There are two wars going on in Afghanistan. One is to defeat the Taliban, and that war is not going well. The other is to liberate women, and that war has hardly begun.
If the first war is won but the second is lost, Afghanistan will turn into a failed state — a caldron of violence and misery, home to extremism and totally outside the Western orbit of influence.
Last week's election, however imperfect, is welcome, but it means little as long as women remain enslaved in this patriarchal, tradition-bound culture. In most of the country, a woman needs her husband's permission to leave her home.
Domestic violence is tragically common. Indeed, the government elected in 2004 passed, and President Hamid Karzai signed into law, legislation legalizing marital rape.
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Older men use wealth and power to marry young women. In April, according to news reports, when a teenage Afghan girl called Gulsima eloped with a boy her own age instead of marrying an older man, she and the boyfriend were shot to death.
Afghanistan is one of the worst places in the world to be a woman, and — as is the case everywhere women's rights are nonexistent or in decline — the birthrate is high. Afghan women have an average of about seven children, and the population has been doubling about every 20 years. Today it is 34 million. According to U.N. estimates, by 2050 it could reach a staggering 90 million. That rapid population growth and the demographics that go with it drive most of Afghanistan's worst problems.
All too often, demography is overlooked in developing countries, as I experienced in 2002 when I wrote the budgets for a U.N. agency working to rebuild Afghanistan after the fall of the Taliban.
Part of our job was to write a 10-year financial plan. As my colleague from the World Bank was closing his computer, I said, "You do realize in 10 years' time there will be almost 50 percent more people needing health care?"
He hadn't. After an expletive and some more hitting of computer keys, the budget totals rose considerably.
One result of rapid population growth is that two-thirds of the Afghan population is younger than 25. The primary role models for the volatile young men in this group are local warlords. The reason al-Qaida and Osama bin Laden (the 17th child of a man who had 54 children) have found a haven in Afghanistan is largely because of the mixture of loyalty and anger generated among males in such a society, in which there are no genuine economic opportunities for advancement. The men who condemned Gulsima and her young boyfriend were probably 18 or 19 years old.
So in a country where women have had their fingers cut off because they painted their nails, where the Taliban threw acid on girls trying to go to school, is there any possibility of improving the status of women? Yes.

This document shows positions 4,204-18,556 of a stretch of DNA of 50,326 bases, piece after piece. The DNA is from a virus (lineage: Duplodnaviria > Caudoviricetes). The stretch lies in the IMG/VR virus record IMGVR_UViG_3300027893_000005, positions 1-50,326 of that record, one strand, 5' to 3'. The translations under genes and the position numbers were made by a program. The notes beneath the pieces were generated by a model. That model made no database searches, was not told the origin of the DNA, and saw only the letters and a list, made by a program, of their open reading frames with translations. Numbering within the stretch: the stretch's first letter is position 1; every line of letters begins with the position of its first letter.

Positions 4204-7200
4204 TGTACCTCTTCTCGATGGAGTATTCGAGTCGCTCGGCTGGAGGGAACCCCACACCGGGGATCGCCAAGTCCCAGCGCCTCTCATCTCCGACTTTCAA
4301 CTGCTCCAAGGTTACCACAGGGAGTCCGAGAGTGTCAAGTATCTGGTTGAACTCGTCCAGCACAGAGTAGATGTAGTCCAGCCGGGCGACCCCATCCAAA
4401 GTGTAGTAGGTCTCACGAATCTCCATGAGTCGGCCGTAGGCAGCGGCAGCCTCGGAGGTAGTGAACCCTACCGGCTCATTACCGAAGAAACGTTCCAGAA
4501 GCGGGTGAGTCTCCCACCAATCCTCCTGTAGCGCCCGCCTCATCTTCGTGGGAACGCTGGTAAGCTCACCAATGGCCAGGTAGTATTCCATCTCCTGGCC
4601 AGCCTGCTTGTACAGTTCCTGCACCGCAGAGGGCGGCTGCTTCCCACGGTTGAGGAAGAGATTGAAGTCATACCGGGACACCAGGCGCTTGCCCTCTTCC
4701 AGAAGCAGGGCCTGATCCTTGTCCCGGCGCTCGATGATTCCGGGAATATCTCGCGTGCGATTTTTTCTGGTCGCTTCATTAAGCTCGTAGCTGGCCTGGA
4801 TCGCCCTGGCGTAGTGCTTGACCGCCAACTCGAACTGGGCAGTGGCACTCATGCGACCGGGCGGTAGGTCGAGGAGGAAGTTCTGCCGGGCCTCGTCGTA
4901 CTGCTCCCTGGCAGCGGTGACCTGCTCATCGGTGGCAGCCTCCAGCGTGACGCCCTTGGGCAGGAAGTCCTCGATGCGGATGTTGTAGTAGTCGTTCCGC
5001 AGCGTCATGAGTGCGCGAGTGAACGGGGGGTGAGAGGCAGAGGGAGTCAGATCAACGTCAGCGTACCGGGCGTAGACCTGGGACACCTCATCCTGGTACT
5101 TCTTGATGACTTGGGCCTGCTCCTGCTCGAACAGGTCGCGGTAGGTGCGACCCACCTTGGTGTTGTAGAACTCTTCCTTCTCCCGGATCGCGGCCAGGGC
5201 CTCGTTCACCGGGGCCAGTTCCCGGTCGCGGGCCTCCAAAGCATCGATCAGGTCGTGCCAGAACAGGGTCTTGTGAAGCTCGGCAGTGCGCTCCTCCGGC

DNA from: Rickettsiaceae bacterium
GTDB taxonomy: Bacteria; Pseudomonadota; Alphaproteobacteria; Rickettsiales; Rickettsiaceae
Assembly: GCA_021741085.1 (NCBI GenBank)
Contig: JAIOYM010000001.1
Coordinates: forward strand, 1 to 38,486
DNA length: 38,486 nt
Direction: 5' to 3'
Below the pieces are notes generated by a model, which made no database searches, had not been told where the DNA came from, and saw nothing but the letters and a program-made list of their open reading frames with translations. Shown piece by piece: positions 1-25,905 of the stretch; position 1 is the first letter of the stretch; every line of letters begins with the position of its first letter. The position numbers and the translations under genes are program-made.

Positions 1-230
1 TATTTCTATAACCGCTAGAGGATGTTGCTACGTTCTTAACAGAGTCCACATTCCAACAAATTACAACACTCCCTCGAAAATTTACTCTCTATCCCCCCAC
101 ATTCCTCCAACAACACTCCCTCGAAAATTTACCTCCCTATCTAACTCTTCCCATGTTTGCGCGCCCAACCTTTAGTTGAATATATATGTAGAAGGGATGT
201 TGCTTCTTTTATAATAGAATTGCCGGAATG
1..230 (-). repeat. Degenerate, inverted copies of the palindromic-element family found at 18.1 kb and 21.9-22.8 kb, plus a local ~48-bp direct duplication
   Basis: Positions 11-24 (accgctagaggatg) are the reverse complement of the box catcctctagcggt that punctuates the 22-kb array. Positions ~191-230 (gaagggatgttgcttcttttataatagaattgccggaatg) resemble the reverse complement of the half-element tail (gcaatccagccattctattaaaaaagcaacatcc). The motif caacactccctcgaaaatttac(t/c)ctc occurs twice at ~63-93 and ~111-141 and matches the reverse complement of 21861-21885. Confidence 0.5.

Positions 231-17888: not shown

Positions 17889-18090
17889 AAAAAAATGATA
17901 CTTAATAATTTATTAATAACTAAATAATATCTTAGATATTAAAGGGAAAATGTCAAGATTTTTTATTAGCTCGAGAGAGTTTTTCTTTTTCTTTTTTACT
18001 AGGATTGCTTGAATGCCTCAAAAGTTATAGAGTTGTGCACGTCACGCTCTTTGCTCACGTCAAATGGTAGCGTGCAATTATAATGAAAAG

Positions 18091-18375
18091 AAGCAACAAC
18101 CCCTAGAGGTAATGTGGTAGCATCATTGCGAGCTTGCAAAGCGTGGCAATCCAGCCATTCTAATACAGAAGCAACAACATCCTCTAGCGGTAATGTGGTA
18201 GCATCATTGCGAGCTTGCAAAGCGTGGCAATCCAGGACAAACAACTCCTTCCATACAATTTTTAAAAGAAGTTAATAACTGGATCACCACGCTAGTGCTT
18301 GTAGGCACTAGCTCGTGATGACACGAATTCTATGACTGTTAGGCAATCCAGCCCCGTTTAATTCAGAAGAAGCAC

When Karzai signed the law demeaning and controlling women, he did so as an ugly deal to buy the support of the very traditional Shiite minority in the west of the country. But linguistically, culturally and religiously, this population is an extension of eastern Iran — which happens to be a powerful example of how family planning can liberate women and change a society for the better.
In the 1980s, the typical Iranian woman had almost as many children as her counterpart in Afghanistan today. Even an oil-rich country could not support that rate of population growth. The Koran mentions contraception in a positive light, and Ayatollah Ruhollah Khomeini, the religious leader and founder of Iran's Islamic Republic, endorsed family planning. Iran began to offer a full range of contraceptives and even voluntary sterilization. Before young couples could marry, they were required to receive family-planning instruction.
The typical Iranian woman now has 2.1 children. The transition in Iran from high to low birthrates was as rapid as that in China, but without a one-child policy, and it has had similar social benefits.
How would this translate to Afghanistan, which is far behind Iran in so many ways? From my experience, I know that teenage girls in Afghanistan want to be in school, despite the cultural obstacles. And having seen firsthand Afghan women suffering from botched abortions, I am sure some, at least, want fewer children. In addition, Westerners are training female health workers. Private pharmacies often dispense drugs smuggled from neighboring countries. It would be possible to introduce contraceptives, even in remote areas.
A stable, modern and functioning Afghanistan is the West's goal. But it is not worth risking one more American or British soldier fighting there unless there is a bold, achievable plan to educate women, enhance their autonomy and meet their need for family planning.
This feudal, fundamentalist, warrior society will never join the 21st century — or even the 16th century — unless we win the war to liberate women. Unless women are given the freedom to choose whether or when to have a child, by 2050 there will be millions more angry men ages 15 to 25 in Afghanistan. If only a tiny percentage are potential insurgents or suicide bombers, no Western army, however large and however strongly backed at home, has the slightest chance of prevailing.
Potts is a professor at the University of California at Berkeley and the chairman of the university's Bixby Center for Population, Health and Sustainability.
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